The most logical explanation is that whatever process (natural or supernatural) created uranium did not evenly distribute the various uranium isotopes, and there hasn’t been enough time for the ratio to change. This is consistent with scientific observation of other elements. Granite rock is speckled because the minerals in it are not evenly distributed. It is an unfortunate fact of life that, despite the fact there are several gold mines within a few miles of my house, there is no gold in my back yard. Gold wasn’t distributed evenly in California by whatever process created it.
Now let’s address Dr. Pike’s answer to our first question.
Here is Dr. Pike’s response to our first question about the ages ranging from 0.164 to 40.8 ky.
This is the range of the dates of formation (as determined by the U-series method) of 50 calcite flowstone samples on top of 50 different art motifs from 11 different caves in N. Spain. The large range simply reflects that flowstone can form any time after a painting was done (not as Jones insinuates that the method is somehow flawed). Indeed some flowstone can still be seen forming today (e.g. on top of modern masonry in the caves). But we know that the flowstone cannot be older than the painting underneath it, which is how we have used these dates in the context of dating the cave art.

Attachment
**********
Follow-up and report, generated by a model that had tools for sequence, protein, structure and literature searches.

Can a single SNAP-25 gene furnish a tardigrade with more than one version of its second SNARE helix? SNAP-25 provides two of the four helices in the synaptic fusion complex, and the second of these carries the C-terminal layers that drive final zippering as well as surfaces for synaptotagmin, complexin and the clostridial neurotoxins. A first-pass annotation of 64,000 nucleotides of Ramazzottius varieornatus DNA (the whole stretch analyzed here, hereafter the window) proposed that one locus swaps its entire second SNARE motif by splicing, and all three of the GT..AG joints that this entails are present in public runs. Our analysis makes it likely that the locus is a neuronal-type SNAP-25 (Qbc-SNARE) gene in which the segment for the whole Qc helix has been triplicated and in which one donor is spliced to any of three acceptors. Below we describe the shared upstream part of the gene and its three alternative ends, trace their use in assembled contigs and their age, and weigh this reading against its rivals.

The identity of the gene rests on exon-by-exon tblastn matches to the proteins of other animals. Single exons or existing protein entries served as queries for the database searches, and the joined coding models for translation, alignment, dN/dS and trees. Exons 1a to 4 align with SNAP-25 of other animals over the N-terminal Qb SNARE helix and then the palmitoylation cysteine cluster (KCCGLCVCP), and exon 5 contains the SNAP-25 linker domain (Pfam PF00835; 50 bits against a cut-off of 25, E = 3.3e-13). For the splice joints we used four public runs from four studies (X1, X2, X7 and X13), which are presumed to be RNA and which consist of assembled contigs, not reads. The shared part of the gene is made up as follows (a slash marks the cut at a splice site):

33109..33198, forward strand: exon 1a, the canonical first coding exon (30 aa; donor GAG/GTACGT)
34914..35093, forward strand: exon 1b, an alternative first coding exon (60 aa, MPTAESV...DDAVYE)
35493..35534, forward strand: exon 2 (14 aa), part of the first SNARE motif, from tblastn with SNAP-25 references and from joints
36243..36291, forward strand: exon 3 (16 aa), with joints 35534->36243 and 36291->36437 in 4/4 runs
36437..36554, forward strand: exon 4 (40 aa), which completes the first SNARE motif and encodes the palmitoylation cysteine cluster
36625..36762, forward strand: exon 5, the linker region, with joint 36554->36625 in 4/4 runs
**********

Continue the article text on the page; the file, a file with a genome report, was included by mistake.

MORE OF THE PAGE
There is nothing new here, and this isn’t really of too much interest to us because we don’t really care about how old the paintings are. But, consider this hypothetical scenario. Suppose someone painted something on a dry cave wall 40,000 years ago. That cave remained nice and dry for 39,000 years. But then an earthquake caused a crack in the cave ceiling, and water started to drip on it, causing a flowstone to be formed. Suppose that the U-series method really worked (although we know it doesn’t). All the method would tell us is that the painting is older than 1,000 years—not 40,000 years old. So, even if the method worked, it would not be that useful.